Webley & Scott side-by-side £1,295
This is the classic all-round English gun. It has the most-used action in the trade, and was built from the mid-1960s to 1978, when the maker’s name changed to W. & C. Scott.
Most Webley & Scotts have 28″ barrels with 2 ¾” chambers, and are very nicely balanced. Though they were crafted extremely carefully, in many ways they were the closest that the English gunmaking trade came to a mass-produced gun.
This particular example has a rounded pistol grip, which is a little unusual but is good news for those with bigger hands. The balance of the gun is just forward of the hinge pin and this helps it to handle beautifully.
There is a push-rod fore-end, alongside double triggers and an automatic safety catch.
It is in excellent condition, with some colour remaining on the action, and with fine and attractive chequering.
These Webley & Scotts are really excellent guns, and there are plenty of very good examples on the market today.
The last ones we sold brand new in the late 1970s went for about £1,000 each, and a good secondhand one today will make anything from £1,000-£1,500.
When you consider that a new Spanish gun costs in the region of £4,000-£5,000, the Webley offers a fine English gun at a superb price.
AYA No.4 shotgun £550
This is another well-known great all-rounder. They always tend to come fairly tightly choked, but any good gunsmith should be able to bore out and regulate these AYAs easily.
The ejectors on these shotguns are strong ? some might say a bit too strong, in fact, because you tend to find empty cases scattered some distance back from your peg!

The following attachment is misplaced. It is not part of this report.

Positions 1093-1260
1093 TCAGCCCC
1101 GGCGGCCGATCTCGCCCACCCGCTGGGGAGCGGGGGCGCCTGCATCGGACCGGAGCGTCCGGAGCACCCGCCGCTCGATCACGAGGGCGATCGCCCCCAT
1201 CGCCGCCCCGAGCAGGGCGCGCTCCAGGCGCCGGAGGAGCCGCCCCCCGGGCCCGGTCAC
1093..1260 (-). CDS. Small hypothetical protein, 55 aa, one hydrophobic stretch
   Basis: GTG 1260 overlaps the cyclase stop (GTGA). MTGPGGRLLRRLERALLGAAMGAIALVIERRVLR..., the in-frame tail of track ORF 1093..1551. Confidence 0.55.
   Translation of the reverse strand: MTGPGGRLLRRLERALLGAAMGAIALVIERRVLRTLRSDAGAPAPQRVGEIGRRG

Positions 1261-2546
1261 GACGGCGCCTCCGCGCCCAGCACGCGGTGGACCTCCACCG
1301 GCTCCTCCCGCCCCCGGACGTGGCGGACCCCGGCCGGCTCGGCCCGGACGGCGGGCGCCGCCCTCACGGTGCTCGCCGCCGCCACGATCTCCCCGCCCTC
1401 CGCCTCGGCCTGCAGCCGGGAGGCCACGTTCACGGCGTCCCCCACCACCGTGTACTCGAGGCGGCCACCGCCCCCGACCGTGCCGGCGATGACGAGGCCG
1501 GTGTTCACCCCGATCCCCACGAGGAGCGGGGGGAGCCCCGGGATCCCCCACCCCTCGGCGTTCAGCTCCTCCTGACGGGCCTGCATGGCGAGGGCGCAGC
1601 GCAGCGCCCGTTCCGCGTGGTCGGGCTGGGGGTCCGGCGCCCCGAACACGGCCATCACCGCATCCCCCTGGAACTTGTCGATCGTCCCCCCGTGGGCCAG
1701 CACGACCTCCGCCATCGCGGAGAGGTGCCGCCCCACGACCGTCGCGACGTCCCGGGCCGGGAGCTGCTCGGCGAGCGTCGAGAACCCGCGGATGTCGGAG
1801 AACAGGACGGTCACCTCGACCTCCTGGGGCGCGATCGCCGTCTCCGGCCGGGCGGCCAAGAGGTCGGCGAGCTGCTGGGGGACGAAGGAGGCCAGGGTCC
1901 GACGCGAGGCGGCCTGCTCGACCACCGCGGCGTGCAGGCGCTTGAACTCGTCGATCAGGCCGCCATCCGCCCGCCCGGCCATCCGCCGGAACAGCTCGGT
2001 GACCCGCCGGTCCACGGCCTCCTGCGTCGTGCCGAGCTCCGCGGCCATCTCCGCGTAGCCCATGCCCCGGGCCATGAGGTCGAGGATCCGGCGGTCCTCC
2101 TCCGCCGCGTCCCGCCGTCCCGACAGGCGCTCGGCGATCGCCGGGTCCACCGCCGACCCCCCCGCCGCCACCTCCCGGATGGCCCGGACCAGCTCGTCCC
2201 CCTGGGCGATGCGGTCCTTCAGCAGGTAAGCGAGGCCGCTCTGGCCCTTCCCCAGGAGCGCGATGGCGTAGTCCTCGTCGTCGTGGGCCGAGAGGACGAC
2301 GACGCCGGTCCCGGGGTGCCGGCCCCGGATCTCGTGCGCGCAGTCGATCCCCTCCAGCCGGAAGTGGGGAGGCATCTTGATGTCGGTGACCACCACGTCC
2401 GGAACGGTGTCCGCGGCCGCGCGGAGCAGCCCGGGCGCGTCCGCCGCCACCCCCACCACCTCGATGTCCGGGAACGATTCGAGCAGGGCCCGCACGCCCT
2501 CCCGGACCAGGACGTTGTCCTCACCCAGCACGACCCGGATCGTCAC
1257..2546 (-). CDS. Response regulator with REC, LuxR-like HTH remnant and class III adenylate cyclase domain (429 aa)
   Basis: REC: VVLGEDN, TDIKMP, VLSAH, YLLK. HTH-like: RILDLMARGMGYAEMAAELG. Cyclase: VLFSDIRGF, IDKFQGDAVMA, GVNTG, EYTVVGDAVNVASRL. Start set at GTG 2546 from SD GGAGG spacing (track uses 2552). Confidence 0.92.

This 12 bore has 28″ barrels with 2¾” chambers, and still has a lot of its original finish left.
Judging by the serial number, this particular example was made in the mid-1970s, and is still tight and clean. This AYA is in excellent condition and has obviously been little used.
The rather bold chequering on the wood, which is of a lighter finish than we are perhaps used to, may put some buyers off, and it certainly feels a little heavier in the hand.
Nevertheless, considering the price, this gun offers excellent value for money.
When I first started in the trade in the 1970s these Spanish guns sold for £250-£300, and top-quality examples can be picked up today for between £500 and £600.
Though they do not have the same overall quality of a handmade English gun of a similar age, they are still good-looking, reliable firearms and will give excellent service.
Winchester Supergrade XTR ‘lightweight’ £895
Winchester stopped making these guns in the mid-1980s, but they are excellent. They were produced in Japan to an extremely high standard, and offer great flexibility for a good price.
The action has a full hinge pin and proper ejector kickers in the fore-end, and is still delightfully smooth in opening and closing.
It has the feel of a good quality English boxlock but in the form of an over-under.
These guns are built with an American claro walnut and have a polyurethane finish over the top, which is perhaps not to most English buyers? tastes as it does tend to retain quite a few lumps and bumps.
However, the wood is of a very good quality, so any decent stocker will be able to strip off the finish and oil the gun, giving a more subtle and attractive overall appearance.
This price point is similar to that of a few new lower-end over-under guns currently available on the market.
But if I had to take one gun with me to a desert island it would certainly be one of these because of their reliability, appearance and character.
These Winchesters are a little unusual, but with their classic proportions and looks, excellent handling and solid reliability, they make a fine investment.